Tourism (Scottish Borders and Midlothian Councils)

– in the Scottish Parliament on 10th March 2021.

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Photo of Christine Grahame Christine Grahame Scottish National Party

6. I know that that was directed at me. [Laughter.] You kept putting it off and I kept putting it on, but there we go. Now I know why.

To ask the Scottish Government what discussions it has had with Scottish Borders and Midlothian councils concerning the impacts on tourism in their areas as a consequence of the Covid-19 pandemic. (S5O-05103)

Photo of Fergus Ewing Fergus Ewing Scottish National Party

I am somewhat reluctant to interrupt that exchange.

VisitScotland engages regularly with local authorities and has recently met with Midlothian Council to discuss the Covid response and recovery. It also engages with Scottish Borders Council weekly.

We engage through our enterprise agencies, along with VisitScotland, to continue to monitor the impact of the pandemic on the sector. The data will inform the five-year investment plan that is being developed as part of our response to the tourism recovery task force recommendations.

Photo of Christine Grahame Christine Grahame Scottish National Party

As the cabinet secretary is aware, my constituency of Midlothian South, Tweeddale and Lauderdale covers both local authority areas and has many outdoor tourist attractions. For example, we have horse riding schools, mountain biking and gardens such as Dawyck botanic garden and Kailzie Gardens—all closed. Will the cabinet secretary consider early opening of such outdoor attractions, which are relatively safe?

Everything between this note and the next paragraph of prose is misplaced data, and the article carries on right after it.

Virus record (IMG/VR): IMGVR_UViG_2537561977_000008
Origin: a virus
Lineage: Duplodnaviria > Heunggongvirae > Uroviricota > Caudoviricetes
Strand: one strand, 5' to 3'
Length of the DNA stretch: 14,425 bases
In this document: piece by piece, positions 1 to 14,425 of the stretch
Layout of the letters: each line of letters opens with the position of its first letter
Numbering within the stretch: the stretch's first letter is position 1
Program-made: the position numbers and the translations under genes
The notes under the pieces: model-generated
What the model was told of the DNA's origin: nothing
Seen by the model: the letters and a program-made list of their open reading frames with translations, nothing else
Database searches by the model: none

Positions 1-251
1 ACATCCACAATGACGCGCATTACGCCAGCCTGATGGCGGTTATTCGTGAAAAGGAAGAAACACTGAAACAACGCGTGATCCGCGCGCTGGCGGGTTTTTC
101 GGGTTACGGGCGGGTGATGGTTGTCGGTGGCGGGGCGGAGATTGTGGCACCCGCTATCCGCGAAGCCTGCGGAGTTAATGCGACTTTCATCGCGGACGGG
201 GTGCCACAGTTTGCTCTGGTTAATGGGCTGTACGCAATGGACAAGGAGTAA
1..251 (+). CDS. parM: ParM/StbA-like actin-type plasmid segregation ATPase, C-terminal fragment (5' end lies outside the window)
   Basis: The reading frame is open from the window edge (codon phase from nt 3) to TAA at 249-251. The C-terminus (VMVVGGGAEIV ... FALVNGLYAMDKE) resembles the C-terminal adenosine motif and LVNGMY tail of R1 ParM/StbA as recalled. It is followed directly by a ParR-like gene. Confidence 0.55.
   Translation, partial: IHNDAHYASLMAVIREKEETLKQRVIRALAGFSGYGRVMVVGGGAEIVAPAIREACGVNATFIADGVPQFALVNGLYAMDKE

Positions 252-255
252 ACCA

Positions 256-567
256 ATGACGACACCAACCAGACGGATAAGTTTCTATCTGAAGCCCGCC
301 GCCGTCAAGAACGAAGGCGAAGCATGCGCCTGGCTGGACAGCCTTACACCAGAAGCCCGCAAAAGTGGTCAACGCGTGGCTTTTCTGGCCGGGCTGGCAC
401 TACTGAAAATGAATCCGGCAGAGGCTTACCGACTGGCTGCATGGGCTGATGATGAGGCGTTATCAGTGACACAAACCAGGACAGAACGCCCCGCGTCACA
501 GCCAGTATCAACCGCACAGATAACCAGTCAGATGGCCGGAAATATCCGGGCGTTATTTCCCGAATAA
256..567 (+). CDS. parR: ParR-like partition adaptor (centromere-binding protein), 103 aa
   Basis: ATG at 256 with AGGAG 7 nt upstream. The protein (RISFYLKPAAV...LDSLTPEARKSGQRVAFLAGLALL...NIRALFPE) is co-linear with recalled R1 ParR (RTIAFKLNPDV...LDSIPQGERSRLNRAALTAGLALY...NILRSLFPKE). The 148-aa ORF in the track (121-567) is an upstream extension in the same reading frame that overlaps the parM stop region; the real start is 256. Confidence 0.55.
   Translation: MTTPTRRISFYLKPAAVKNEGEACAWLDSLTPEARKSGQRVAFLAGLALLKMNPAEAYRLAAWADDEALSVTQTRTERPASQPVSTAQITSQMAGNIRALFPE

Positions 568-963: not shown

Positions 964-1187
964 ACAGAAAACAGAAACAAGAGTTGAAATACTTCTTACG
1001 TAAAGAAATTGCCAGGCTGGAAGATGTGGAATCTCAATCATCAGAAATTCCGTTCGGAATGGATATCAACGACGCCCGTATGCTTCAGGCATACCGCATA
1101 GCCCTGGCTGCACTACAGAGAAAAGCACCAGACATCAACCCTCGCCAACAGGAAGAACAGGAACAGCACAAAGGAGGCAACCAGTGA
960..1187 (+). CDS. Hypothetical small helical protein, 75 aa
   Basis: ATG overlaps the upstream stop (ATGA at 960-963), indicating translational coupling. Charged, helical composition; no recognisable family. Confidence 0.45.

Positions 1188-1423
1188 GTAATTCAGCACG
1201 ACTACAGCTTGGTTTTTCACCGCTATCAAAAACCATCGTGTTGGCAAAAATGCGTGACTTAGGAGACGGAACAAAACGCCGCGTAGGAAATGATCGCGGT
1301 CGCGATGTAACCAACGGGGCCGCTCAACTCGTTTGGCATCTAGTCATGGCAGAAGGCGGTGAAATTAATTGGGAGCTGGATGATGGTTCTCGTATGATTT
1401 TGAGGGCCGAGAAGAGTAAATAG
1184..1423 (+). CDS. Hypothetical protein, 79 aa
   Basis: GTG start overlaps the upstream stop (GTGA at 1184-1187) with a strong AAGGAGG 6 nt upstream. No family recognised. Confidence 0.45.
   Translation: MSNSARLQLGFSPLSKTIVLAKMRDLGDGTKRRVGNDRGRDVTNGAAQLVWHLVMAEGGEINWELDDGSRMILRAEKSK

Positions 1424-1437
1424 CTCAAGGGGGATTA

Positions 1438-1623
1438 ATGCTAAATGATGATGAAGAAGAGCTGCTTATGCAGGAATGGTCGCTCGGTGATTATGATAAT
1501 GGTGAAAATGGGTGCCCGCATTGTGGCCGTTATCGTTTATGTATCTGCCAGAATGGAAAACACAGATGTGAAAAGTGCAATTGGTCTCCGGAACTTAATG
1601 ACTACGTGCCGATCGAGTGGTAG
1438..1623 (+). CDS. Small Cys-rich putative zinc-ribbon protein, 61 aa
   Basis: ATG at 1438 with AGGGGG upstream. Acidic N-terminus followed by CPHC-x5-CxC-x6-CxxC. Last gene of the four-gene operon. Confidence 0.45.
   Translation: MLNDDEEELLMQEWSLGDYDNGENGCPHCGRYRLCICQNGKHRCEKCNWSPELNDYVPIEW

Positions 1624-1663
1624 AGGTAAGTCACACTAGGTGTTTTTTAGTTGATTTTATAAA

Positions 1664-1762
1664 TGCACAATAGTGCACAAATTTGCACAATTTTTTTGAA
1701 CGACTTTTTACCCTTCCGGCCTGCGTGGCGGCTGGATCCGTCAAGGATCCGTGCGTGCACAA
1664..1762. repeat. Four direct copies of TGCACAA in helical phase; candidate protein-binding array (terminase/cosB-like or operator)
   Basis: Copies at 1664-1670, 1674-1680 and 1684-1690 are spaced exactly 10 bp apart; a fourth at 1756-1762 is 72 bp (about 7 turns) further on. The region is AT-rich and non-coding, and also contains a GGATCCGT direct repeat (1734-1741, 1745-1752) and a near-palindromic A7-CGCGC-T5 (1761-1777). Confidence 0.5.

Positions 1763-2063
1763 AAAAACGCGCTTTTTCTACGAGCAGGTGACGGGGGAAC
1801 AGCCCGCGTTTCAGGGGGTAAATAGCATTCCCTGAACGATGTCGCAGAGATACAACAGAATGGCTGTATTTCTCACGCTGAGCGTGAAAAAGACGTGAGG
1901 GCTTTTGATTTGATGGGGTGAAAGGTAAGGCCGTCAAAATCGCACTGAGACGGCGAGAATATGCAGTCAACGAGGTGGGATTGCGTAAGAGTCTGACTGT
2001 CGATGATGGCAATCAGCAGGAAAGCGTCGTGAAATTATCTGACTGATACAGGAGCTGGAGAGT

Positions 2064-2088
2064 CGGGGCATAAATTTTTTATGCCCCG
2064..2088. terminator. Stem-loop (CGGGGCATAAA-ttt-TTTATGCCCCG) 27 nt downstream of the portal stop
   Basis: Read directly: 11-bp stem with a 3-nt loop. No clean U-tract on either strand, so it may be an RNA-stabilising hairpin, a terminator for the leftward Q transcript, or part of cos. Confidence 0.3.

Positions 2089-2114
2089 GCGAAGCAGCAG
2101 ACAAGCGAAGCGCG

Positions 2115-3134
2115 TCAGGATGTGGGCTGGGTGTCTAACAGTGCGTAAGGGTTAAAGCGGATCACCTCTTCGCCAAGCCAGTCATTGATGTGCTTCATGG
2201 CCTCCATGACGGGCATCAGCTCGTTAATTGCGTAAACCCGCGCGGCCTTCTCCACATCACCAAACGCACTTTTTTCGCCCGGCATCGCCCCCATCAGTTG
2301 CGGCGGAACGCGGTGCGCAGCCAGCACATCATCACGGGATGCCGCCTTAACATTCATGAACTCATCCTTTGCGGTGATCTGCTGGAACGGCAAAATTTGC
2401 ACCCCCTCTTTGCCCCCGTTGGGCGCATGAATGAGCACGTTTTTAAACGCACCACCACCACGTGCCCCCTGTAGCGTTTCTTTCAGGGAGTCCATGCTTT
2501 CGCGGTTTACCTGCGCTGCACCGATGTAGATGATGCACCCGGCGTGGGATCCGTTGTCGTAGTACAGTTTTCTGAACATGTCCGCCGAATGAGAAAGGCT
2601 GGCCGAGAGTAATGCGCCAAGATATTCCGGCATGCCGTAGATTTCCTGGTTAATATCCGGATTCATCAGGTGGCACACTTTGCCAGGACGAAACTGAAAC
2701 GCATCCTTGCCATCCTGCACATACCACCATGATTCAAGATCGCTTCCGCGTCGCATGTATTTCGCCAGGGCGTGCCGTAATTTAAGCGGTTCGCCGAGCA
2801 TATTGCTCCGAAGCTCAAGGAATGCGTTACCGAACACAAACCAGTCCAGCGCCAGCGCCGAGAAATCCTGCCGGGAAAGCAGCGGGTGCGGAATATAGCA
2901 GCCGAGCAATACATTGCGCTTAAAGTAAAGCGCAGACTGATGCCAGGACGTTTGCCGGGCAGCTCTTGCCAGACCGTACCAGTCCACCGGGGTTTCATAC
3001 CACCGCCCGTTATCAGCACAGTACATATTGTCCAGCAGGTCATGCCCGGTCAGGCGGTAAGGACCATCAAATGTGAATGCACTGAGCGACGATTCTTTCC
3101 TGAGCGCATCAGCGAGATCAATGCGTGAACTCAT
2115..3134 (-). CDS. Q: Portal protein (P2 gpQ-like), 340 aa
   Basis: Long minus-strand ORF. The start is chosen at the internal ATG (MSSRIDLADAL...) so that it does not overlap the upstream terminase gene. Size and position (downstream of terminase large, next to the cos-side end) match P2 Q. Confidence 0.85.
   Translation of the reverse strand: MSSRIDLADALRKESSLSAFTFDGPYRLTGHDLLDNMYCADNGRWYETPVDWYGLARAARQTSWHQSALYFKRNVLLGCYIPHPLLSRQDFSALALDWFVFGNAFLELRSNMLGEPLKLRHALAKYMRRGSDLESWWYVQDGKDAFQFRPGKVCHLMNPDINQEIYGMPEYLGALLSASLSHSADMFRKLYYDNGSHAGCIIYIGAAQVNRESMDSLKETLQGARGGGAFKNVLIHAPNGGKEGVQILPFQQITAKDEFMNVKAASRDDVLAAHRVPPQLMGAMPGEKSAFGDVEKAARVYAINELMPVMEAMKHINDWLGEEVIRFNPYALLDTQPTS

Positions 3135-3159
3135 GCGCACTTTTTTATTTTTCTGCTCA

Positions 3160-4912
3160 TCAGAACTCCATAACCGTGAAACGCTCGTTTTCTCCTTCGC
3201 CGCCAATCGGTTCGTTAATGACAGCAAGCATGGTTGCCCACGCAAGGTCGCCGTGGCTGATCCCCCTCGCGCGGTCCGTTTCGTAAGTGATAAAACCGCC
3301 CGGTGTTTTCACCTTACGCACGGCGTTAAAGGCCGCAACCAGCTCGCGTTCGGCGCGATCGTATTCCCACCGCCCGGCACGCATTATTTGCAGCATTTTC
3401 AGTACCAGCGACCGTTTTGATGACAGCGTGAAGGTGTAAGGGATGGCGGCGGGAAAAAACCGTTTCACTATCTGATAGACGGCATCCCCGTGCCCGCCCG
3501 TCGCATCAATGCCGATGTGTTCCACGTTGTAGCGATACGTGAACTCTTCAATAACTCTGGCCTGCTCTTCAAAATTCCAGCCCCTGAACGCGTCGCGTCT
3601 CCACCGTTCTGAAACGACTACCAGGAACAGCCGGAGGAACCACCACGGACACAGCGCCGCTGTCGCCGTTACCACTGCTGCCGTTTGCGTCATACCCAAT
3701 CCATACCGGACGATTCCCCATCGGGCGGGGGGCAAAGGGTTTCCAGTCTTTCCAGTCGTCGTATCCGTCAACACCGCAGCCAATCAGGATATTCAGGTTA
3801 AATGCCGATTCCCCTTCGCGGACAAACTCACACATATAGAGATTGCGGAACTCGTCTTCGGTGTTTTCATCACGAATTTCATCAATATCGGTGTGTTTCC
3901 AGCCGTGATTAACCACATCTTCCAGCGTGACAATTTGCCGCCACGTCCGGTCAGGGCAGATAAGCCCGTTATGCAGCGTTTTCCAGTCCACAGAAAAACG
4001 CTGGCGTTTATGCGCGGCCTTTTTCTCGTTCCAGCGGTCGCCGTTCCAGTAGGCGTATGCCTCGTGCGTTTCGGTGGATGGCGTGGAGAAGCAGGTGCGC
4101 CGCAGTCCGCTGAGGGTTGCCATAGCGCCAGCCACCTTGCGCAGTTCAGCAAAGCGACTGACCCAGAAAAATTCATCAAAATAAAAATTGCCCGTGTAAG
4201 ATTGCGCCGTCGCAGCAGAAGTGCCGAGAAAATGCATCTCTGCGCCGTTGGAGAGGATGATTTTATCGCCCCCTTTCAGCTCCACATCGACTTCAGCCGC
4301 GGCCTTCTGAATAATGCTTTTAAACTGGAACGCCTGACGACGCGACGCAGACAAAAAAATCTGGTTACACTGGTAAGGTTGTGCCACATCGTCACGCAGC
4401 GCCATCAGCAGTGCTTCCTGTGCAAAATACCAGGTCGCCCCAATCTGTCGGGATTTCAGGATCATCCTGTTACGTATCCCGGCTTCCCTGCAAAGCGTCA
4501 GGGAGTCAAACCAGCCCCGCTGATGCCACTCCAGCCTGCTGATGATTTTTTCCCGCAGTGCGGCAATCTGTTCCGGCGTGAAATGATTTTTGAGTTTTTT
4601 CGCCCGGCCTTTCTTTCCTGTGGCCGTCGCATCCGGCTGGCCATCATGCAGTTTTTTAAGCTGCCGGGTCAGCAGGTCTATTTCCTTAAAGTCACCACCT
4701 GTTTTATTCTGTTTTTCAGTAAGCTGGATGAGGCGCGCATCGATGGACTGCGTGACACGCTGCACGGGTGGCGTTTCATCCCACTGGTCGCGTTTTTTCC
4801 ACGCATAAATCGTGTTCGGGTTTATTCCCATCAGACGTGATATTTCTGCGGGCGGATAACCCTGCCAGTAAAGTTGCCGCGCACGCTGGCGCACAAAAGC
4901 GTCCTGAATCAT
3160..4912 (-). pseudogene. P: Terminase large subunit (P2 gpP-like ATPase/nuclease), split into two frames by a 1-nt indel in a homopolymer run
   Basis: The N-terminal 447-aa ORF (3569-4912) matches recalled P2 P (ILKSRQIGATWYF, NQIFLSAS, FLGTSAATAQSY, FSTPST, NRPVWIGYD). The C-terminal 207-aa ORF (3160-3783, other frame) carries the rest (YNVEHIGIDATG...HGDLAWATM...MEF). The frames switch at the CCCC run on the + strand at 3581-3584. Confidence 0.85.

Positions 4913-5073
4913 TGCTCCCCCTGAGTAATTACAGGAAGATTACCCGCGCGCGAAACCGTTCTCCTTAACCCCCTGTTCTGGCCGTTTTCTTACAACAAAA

Photo of Fergus Ewing Fergus Ewing Scottish National Party

Yes, of course we are considering all those matters very carefully. We are aware of the value of participating in outdoor activity, including exercise, and that consideration is obviously relevant to the decisions that have to be taken by the Cabinet overall. Christine Grahame has made a very good point, as well as delivering a brief gazetteer and almanac of the attractions in her constituency.

Photo of Colin Smyth Colin Smyth Labour

The largest market for tourism businesses in the Borders and Midlothian is the rest of the United Kingdom, especially the north of England. In the past year, there have been more stringent travel restrictions between Scotland and England than between the different parts of Scotland. If the Government continues that approach as we ease out of lockdown, what additional support will it provide to businesses in the south of Scotland that, by definition, are more adversely affected by those restrictions?

Photo of Fergus Ewing Fergus Ewing Scottish National Party

We try to treat all businesses with parity of esteem and to be consistent in providing lifeline support. That has been, I think, the correct principle to apply throughout. Colin Smyth has made a very fair point that businesses in the Borders area, and in Dumfries and Galloway, have a particular reliance on the market of visitors who come from England. That is absolutely understood. In fact, I discussed the issue this morning in a call with representatives of the Scottish weddings sector—which is, of course, concentrated in Gretna—including Alasdair Houston, who made those points very crisply and effectively.

We are acutely aware of the importance of the issue. We all wish to see a reopening of the market and to welcome again our good friends from England—our nearest neighbours—to continue to enjoy Scottish hospitality and custom, just as soon as we can safely do so.